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    Well, my dream is to be able to work with a team to develop proprietary low-level software like drivers, libraries, and OS software. But that could be a stretch in today's market. There is no shortage of software development needed, so I'm sure I'll fit in somewhere.
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    I can totally understand where you're coming from. You could definitely have a look into Linux - it is the most important OS for servers after all.
    You should probably focus on servers or offers to companies though if you look into Linux - most of the basic consumer software/systems is community based and FOSS.

    However, in terms of developer friendliness you won't find any better system.

    *edit:* I forgot to mention that working on FOSS doesn't necessarily mean, there's no money to earn (with most big FOSS projects there's a company involved and fulltime dev's are being payed). Just for the sake of clarity.
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    To add to what @theCalcaholic said.
    Try installing arch first to get a bit comfortable with it and the you might go onto Gentoo. With Gentoo you get the source code for every thing you install. So you want drivers you can edit the source to only install what you want and you can tweak that code. Atleast that my understanding, this means you are free to do what you want. Feedback is being listened to and people are helpful. Take a a look at arch wiki. A company like red hat(linux) is huge, Android.

    Focusing on linux is gonna be worth your while. For instance a graphic designer wants to render. Send it through our high speed internet and a server with x GPU renders it in a few seconds send it back. This reduces costs of having every work station with a heavy duty GPU. Don't know if it's already being used but I think it's coming. Why not design 3d from you browser when the internet speed is as fast as going to you're local GPU.
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    @Triskelion Got don't even need Gentoo or Arch for that. The same is true for ANY Linux distro. :)

    Only that with most distros you have the option to either compile everything from source (which you don't want, seriously) or use a package manager.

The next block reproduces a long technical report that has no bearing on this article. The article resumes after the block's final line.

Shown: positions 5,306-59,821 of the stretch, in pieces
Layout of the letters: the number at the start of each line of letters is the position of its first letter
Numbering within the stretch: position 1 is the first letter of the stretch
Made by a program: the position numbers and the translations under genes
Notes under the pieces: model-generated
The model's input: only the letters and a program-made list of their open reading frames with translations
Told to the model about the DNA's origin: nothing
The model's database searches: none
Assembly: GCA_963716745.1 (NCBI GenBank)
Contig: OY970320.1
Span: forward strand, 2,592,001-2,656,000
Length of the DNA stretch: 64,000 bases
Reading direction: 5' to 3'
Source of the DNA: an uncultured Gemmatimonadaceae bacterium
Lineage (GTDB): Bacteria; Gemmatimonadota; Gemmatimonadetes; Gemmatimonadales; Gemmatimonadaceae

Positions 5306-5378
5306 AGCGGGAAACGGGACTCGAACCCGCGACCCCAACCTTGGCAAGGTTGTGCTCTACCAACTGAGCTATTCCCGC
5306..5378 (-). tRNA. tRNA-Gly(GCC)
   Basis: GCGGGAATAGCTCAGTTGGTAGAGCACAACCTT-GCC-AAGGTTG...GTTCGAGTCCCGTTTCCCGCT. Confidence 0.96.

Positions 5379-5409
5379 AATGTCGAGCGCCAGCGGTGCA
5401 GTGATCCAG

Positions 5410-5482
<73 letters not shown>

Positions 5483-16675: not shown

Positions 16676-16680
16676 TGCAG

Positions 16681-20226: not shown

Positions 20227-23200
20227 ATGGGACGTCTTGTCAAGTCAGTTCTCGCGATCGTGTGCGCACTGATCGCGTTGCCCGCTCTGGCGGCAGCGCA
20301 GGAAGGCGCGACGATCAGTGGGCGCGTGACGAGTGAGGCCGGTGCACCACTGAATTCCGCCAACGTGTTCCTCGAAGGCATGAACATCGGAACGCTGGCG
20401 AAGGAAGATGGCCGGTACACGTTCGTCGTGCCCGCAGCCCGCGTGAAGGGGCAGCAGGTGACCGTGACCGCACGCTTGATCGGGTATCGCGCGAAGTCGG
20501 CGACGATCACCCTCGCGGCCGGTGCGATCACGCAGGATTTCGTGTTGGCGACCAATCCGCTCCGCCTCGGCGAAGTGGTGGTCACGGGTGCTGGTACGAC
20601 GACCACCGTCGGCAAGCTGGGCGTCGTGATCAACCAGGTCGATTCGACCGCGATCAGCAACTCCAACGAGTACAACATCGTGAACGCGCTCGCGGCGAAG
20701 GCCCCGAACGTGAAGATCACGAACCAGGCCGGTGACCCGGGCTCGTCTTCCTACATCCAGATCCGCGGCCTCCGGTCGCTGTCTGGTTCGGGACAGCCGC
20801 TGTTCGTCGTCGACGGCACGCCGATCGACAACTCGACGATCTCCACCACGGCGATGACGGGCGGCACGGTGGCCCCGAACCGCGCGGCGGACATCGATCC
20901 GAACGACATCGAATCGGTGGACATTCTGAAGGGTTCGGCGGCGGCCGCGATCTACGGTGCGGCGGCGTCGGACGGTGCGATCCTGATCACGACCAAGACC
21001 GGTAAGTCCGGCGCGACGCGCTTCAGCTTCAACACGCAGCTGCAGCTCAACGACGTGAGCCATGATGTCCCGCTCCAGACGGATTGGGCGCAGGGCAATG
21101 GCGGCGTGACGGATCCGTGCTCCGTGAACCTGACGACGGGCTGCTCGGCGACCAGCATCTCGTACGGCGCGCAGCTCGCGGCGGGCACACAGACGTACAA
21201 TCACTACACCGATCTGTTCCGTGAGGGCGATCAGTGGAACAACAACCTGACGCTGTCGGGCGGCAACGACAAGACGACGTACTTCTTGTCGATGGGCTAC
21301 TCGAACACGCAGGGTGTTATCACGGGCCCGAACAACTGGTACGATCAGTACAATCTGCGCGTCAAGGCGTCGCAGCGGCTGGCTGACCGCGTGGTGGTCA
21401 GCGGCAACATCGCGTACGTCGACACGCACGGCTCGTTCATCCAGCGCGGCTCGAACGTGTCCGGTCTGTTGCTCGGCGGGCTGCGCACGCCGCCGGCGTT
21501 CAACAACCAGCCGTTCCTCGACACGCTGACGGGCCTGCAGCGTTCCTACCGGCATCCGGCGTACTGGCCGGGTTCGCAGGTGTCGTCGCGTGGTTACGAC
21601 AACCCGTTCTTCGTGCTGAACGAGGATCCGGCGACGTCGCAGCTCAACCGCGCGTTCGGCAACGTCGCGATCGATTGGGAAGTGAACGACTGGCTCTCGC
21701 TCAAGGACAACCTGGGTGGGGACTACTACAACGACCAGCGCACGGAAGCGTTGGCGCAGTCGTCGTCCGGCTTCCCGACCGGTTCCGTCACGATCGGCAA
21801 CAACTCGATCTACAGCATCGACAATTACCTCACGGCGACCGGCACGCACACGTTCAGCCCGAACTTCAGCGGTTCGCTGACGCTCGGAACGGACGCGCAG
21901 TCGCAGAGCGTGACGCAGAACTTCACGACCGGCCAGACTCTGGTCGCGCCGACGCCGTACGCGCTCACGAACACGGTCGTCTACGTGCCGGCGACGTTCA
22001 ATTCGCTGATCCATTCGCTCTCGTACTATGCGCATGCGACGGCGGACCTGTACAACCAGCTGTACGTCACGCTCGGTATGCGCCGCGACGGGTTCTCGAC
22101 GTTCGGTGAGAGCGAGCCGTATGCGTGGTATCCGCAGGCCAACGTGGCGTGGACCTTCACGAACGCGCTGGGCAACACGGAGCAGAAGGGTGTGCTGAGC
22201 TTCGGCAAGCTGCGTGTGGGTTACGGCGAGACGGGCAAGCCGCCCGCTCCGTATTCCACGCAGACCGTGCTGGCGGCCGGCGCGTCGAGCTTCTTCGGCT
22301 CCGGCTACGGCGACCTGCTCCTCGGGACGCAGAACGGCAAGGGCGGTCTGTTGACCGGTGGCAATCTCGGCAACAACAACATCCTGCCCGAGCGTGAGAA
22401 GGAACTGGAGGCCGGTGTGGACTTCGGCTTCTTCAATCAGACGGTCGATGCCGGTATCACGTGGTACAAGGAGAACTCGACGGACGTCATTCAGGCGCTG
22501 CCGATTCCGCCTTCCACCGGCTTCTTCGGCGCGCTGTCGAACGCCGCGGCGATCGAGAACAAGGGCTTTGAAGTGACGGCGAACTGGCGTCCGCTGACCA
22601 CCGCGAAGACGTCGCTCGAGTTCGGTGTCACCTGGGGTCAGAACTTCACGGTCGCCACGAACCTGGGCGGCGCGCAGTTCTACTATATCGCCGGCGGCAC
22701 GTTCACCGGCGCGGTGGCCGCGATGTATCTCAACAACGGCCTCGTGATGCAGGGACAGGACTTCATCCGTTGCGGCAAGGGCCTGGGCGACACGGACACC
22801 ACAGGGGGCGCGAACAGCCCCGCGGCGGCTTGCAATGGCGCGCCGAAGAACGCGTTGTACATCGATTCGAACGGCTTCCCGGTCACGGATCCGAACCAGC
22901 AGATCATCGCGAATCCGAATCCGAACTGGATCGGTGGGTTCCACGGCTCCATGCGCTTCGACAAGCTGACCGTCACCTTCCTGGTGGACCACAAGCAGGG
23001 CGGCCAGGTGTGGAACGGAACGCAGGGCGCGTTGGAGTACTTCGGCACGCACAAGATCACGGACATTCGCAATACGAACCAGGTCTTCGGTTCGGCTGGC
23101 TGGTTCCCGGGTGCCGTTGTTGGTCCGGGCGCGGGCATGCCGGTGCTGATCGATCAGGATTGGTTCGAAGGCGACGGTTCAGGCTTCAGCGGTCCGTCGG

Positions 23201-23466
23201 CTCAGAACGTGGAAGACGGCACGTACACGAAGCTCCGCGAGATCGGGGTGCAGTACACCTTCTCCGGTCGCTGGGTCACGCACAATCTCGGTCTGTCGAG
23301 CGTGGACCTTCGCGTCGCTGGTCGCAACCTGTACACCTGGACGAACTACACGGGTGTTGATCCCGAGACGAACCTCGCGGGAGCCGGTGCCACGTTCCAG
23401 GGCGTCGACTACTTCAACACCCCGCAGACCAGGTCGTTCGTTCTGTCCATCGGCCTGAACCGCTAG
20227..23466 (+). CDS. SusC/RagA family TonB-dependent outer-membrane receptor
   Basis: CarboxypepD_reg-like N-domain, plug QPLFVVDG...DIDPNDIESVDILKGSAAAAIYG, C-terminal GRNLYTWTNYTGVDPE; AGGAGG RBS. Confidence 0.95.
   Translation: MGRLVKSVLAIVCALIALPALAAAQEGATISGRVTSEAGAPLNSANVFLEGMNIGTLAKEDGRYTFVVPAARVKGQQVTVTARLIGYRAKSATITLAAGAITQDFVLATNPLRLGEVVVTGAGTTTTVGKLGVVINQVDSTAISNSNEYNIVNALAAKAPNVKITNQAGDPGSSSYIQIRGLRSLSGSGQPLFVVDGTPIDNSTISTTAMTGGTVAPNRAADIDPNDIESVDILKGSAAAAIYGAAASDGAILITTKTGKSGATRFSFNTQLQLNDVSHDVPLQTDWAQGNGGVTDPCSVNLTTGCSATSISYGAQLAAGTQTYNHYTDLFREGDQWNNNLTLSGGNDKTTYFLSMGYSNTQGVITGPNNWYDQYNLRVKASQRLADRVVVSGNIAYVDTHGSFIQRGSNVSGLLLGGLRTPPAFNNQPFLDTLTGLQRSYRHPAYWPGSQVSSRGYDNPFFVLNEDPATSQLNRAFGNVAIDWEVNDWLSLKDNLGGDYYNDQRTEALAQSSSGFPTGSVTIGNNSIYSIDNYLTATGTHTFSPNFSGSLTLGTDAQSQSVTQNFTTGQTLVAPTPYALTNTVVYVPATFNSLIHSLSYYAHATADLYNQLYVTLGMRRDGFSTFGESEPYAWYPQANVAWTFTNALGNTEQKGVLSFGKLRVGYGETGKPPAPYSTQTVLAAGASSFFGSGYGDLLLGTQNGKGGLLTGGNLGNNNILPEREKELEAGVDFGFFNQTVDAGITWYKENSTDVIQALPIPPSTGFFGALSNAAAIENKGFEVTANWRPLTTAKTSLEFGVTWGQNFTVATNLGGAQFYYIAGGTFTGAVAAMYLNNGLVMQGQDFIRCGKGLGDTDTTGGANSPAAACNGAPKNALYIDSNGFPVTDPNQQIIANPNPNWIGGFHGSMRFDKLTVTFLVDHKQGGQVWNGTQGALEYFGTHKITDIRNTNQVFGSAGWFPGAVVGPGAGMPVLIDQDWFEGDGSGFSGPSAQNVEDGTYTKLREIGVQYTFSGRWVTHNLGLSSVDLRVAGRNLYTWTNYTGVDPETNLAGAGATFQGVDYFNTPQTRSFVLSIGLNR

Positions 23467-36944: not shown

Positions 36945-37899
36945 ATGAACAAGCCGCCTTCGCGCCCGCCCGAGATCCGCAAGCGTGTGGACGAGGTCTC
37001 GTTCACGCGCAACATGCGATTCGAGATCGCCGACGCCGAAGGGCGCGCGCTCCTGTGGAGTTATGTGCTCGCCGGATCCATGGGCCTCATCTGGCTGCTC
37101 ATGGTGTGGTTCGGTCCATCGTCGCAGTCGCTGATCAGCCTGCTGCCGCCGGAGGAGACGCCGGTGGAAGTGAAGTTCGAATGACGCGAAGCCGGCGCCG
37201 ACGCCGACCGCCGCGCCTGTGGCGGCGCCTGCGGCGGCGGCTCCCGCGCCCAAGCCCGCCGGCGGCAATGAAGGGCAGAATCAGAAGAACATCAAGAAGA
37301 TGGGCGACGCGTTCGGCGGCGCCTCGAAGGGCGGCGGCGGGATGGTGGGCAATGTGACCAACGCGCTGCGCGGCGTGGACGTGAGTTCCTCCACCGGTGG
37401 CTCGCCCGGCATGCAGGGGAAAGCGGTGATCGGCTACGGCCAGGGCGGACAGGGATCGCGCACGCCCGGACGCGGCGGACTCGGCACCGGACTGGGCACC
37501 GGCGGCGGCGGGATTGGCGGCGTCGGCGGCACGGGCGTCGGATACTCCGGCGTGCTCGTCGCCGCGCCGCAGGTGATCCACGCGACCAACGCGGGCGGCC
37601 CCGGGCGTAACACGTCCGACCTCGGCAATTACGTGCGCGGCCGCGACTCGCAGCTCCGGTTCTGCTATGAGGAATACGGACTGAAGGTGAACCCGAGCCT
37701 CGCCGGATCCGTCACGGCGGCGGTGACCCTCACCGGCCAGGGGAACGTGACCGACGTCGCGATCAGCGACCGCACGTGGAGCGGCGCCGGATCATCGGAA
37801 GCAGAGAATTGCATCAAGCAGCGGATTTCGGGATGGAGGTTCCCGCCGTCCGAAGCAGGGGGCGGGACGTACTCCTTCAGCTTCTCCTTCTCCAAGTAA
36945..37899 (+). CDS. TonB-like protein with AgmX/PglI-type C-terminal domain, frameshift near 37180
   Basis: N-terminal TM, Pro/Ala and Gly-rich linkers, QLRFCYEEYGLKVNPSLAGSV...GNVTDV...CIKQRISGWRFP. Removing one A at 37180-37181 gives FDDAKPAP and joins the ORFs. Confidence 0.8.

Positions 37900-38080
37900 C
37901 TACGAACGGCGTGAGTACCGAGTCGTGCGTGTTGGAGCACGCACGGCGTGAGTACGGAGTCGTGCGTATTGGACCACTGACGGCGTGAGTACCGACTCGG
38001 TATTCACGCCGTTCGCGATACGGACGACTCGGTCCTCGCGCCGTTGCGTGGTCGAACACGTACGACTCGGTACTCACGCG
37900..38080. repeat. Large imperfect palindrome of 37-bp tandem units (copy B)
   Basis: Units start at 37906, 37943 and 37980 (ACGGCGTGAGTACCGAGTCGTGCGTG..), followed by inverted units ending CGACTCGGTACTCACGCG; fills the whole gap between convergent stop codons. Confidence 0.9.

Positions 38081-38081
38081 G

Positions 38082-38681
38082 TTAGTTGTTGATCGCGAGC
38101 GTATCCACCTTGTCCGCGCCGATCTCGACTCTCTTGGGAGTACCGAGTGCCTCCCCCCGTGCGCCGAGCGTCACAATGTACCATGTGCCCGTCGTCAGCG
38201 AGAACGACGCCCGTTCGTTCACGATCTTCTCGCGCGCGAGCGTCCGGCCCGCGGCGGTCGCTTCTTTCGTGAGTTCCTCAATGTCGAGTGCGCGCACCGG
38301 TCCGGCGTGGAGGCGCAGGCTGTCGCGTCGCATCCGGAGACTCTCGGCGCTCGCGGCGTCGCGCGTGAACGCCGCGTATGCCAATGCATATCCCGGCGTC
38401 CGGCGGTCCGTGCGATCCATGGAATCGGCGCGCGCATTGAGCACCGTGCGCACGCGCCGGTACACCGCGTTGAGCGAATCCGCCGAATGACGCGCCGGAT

For the sake of convenience you will want to only compile packages yourself of your unhappy with available precompiled configurations or if you want to alter the source.
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    But he want to work on drivers etc.
    With Gentoo you have full access. With arch less but you can work around it easy if you use Ubuntu or mint or x those drivers are prepackaged(harder to work around) this works for a normal user but if you want to go in deep Gentoo is the way to go
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    @Triskelion Once tried installing Gentoo. Didn't turn out too well๐Ÿ˜•

    Meh, I got a lot to learn. Definitely excited to learn it though.
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    I've not made it to Gentoo I'm self educating my self to webdev. In the meantime I've dabbled a few Linux distro's DE/WM. atm I'm running Manjaro xmonad and I like it alot extremely stable and a joy to finally work with a solid tiling wm.

    Gentoo is on the list though, but I need alot of time to wrap my head around it so for now it's shelved
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    @Triskelion All prepackaged drivers are optional with Ubuntu/Debian. The only reason for using them is convenience.

    I know a good number of people who compile their own debian kernels and/or drivers.